You will be applying the lube to the outer run of the chain, contrary to every picture or video you will see on chain lubing (they had a bad one on Motoworld last week where they sprayed the new Belray Super Clean chain lube on the inner run at full force as they rapidly spun the rear wheel. This stuff dries like the greasy stuff that's on the outer surface of new bike o-ring chains from the factory and obviously none of it was seeping in where lube needs to be-plus they never mentioned getting the chain warm by riding before lubing). However, the lube seeps in just the same on a warm chain whether you apply it to the inner run or outer run and you can see what you are doing much better if you apply it on the outer run as it travels around the back of the rear sprocket.
The theory that by spraying lube on the inner run it will somehow magically get in where it needs to be by being "thrown" there as the chain travels around the sprockets under load is false.
My 1974 Honda CB360 still has the original factory chain with 53,900 miles on it and it is in excellent condition with the mark on the chain adjusters between the 2nd and 3rd marks on the swingarm and I've always used the above chain lubing method and it has NEVER been "cleaned".
Using this method, it takes me 8 minutes to lube the 94 link standard non o-ring chain on my CB360. Cut that in half if you have an o-ring chain where you don't have to lube between the pins and inner surfaces of the bushings. It's also very economical on chain lube and a 16 oz. can lasts me for several years. I had to throw the last one away with lube still in the can because it had leaked out its propellant over several years.
I lube my chain about every 500 miles, but it isn't critical if you go a little over once you get the lube in place in the two places where it needs to be.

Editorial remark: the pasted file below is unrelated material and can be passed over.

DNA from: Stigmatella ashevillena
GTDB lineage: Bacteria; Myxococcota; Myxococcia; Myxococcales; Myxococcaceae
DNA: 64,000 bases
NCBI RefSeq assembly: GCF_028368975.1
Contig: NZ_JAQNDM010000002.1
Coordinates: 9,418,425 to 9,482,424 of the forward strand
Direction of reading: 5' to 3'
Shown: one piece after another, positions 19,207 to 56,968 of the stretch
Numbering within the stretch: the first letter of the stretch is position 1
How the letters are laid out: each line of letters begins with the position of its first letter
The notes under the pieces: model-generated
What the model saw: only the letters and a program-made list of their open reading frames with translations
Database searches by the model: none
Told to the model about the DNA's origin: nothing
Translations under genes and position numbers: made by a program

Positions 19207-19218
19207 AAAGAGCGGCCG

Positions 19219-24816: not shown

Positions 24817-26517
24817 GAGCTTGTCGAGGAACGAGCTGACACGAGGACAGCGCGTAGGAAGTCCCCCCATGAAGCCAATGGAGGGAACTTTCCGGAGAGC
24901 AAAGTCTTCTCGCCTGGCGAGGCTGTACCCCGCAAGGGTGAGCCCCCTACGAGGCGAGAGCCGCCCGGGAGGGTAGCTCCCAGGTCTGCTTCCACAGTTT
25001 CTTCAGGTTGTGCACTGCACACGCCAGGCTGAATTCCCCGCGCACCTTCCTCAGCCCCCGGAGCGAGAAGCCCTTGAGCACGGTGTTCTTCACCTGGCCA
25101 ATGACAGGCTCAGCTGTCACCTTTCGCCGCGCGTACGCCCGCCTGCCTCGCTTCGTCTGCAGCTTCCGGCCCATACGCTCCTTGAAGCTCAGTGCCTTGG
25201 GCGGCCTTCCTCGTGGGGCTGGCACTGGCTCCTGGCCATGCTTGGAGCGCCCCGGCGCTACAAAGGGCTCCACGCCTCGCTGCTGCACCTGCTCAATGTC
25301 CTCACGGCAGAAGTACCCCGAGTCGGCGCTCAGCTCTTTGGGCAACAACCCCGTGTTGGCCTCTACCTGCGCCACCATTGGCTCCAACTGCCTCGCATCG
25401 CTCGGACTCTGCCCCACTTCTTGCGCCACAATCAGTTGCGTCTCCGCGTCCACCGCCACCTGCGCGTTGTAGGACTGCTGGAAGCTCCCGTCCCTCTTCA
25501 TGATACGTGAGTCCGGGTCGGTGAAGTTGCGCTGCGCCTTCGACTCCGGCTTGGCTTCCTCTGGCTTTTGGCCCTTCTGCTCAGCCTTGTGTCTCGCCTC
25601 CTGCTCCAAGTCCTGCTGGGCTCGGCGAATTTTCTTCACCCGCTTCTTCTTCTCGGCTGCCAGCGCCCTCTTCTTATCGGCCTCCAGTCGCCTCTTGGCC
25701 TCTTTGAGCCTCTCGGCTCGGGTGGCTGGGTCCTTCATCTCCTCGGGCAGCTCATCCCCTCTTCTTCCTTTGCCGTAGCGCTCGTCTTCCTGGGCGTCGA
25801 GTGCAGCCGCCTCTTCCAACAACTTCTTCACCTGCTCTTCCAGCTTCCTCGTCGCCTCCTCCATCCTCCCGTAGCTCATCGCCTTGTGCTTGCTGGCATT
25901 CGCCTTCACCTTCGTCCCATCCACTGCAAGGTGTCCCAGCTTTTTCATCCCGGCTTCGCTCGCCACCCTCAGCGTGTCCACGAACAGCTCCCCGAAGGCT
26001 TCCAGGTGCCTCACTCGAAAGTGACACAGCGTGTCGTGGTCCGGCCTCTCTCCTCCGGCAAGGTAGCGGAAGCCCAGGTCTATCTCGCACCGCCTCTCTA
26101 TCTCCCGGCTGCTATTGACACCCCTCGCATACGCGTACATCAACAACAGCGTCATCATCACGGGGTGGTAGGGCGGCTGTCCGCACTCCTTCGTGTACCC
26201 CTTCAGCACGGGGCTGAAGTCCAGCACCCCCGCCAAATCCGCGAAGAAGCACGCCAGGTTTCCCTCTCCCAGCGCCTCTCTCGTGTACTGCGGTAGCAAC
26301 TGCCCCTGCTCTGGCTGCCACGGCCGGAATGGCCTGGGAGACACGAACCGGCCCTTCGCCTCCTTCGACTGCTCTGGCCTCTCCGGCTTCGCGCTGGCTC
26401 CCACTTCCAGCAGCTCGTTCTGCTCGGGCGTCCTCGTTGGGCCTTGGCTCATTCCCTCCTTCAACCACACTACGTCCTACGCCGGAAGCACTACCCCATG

I run an EK brand standard non o-ring chain(7,400 lbs. tensile strength) on my 1972 Kawasaki H2. It cost me about $30 from Dennis Kirk. I've never run an o-ring chain on any of the bikes I've ridden since 1969(265,000 miles so far). I also have never run a riveted type master link, but rather the ordinary standard type with removable locking clip that only requires a common pair of pliers to install or remove. I've had zero chain or master link failures in 265,000 miles, including quite a few time trials down the drag strip back in the early to mid 1980s where I was making about 80 rear wheel horsepower and turning as fast as 115.08 mph with my 1975 H2C. O-ring chains will last the average person longer than standard non o-ring chains but if you are willing to invest about 8 minutes every 500 miles or so a standard non o-ring chain will outlast an o-ring one of equal quality because you have fresh lube between the pins and inner surface of the bushings instead of having the same lube have to last the life of the chain. Eventually o-rings start to leak out the tiny amount of lube that is sealed in between the pins and the inner surface of the bushings at the time of manufacture and after that the chain isn't long for this world.
As for master links, a couple of years ago I was at my local drag strip and one of the purpose built drag bikes broke its chain right on the starting line when he dropped the clutch to launch. I went over into the pits and took a look at the chain. It was a super heavy duty #630 non o-ring and it had a standard removable locking clip master link. However the master link was still in fine shape. The chain had failed at one of the regular riveted links in the run of the chain.